After two weeks of Biblical rain, it's nice to be reminded why we live in Vermont, and this past weekend, some 300 hospitable artists, and seductively sunny skies, collectively did just that. It's too early to know if the Vermont Craft Council's Open Studio Weekend was a success for its participants -- typically, some artists get a trickle of visitors, others a steady stream.
In the latter camp, by her own report, was Fran Bull of Brandon. The former New Jersey resident -- a painter, sculptor, theater-set designer and singer -- has created her own slice of heaven on 200 acres in Vermont. Her lovely Gallery in-the-Field is just a year old, and to discover it is to be smitten. A bit north of town on Arnold District Road, the combination studio and gallery sits in the middle of, yes, a field, and its 360-degree pastoral view is unmarred by development -- so far. Bull's capacious studio and slightly smaller gallery are both graceful post-and-beam structures à la Monitor barn, a paean to and update on Vermont's classic rural architecture. The height of the roofline and clerestory windows suggest "cathedral," except the rooms are light, airy and white-walled. This is a place devoted to the glory of art, not religion.
But two shrine-like structures in the wide entry/hallway invite genuflection: Salvaged wood dormers, about 4 feet tall, are fashioned into retables and painted metallic gold; each frames a rustic Madonna and Child made from papier-mâche and fabric. The backgrounds are painted blood red. Bull created these structures, and the three enormous panels currently displayed in the gallery, for the set of Carmen produced last year by the Opera Company of Middlebury.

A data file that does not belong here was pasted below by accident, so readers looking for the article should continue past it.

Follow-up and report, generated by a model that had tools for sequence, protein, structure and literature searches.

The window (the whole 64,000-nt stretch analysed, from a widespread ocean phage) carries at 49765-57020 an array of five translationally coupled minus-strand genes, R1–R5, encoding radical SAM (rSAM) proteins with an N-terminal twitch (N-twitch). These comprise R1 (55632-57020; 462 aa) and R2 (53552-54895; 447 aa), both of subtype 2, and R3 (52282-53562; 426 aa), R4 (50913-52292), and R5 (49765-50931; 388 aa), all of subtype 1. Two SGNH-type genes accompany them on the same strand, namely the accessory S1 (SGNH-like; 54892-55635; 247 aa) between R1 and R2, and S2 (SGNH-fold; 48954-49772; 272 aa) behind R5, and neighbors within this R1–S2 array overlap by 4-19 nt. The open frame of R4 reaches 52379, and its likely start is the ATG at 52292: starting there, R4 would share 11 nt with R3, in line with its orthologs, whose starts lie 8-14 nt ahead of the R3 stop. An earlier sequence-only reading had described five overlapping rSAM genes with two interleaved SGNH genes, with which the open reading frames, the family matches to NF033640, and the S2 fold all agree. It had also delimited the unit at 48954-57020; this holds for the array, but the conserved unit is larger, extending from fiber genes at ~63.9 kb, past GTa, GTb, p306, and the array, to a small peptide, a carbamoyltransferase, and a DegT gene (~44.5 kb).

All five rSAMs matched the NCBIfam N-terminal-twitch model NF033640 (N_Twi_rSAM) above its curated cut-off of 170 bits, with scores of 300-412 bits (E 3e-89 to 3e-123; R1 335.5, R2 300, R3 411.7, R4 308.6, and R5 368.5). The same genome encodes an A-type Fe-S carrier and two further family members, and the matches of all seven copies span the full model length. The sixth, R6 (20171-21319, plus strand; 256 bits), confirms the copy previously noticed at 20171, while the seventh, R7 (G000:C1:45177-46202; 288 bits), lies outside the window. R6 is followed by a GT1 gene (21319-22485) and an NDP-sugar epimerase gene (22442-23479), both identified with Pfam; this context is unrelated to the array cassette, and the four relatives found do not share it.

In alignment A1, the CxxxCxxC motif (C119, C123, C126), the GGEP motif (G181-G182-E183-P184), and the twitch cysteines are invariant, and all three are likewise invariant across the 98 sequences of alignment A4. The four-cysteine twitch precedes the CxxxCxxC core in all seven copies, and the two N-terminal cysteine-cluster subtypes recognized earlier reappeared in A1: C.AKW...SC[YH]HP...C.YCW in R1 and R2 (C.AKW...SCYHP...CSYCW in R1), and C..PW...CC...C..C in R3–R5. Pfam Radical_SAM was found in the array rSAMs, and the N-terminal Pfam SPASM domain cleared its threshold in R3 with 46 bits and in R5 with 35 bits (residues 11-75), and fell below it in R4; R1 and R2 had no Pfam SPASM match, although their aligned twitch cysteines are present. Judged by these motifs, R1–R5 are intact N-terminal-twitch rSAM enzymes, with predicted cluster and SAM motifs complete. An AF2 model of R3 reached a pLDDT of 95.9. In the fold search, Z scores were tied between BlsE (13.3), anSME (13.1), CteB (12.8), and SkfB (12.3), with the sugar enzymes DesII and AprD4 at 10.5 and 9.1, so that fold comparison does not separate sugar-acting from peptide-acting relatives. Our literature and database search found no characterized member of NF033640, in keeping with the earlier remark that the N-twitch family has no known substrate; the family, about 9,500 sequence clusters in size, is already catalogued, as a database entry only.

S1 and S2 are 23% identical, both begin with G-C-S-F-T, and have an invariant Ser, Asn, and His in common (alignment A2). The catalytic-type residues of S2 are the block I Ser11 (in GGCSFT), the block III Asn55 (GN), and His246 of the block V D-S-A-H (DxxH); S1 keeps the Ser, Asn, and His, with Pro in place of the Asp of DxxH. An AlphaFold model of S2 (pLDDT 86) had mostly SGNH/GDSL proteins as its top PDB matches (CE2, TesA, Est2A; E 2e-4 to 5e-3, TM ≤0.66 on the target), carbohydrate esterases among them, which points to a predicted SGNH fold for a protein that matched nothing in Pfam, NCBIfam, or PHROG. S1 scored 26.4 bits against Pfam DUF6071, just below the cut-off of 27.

The acrylic-and-ink paintings, approximately 11 feet high and 7 wide, look as if their dramatic colors -- predominantly gold, fiery reds and black -- were the results of explosions rather than brushstrokes. "I worked on all three at once on the floor of my studio," reveals Bull. "I started with big rollers and added pigments to the wet ground . . . the paint kind of runs and pools and makes its own picture. You feel like a force of nature."
Indeed. In the language of abstract art, Bull's works convey the passion that Carmen director Doug Anderson was going for. In a written statement for the gallery, he explains: "I asked her for heat, sexuality, terror, raw beauty, tenderness and murder, sunsets and festivals . . . that inexplicable thing we'll call Spain." She delivered.
Included in the exhibit are two eye-level rows of color stills from Carmen by Middlebury photographer Ernie Longey. A videotaped version plays on a TV screen, broadcasting Bizet's emotive score throughout the building. Nearby, a mannequin models Carmen's red-and-black costume, created by Debra Anderson; she's positioned beside a baby grand piano, awaiting her aria -- if only she weren't headless.
Middlebury-born soprano Meredith Parsons McComb played Carmen last year. She'll have a different singing gig when the Opera Company of Middlebury puts on A Dinner Engagement in the gallery June 15 through 18. Bull, a mezzo-soprano, will also have a role in the comic opera by Sir Lennox Berkeley. Picnic lovers, take note: The grounds will be available before each performance, and those who don't feel like making sandwiches can order gourmet boxed meals from Chef Robert Barral, of Brandon's Cafe Provence.
This multimedia presentation is a win-win for both the opera company -- which needs alternative venues while Midd's Town Hall Theater is under restoration -- and Gallery in-the-Field. Undoubtedly a welcome facility in Addison County, the rooms can accommodate much more than two-dimensional exhibits. And Bull, gifted in music and visual arts, is an accommodating hostess for both.
Back in her studio, she's absorbed in a new project that could hardly be more different, called "A Hundred Howling Heads." At the moment the work-in-progress consists of narrow, highly expressive faces, about 10 inches high, made with Crayola modeling material and mounted on wooden dowels. Though in various colors now, they will ultimately be painted to look like cast bronze, Bull explains, and given spindly bodies. "The idea is a Greek chorus, maybe wailing, maybe singing," she says. "It has to do with lamentations for the time we're in."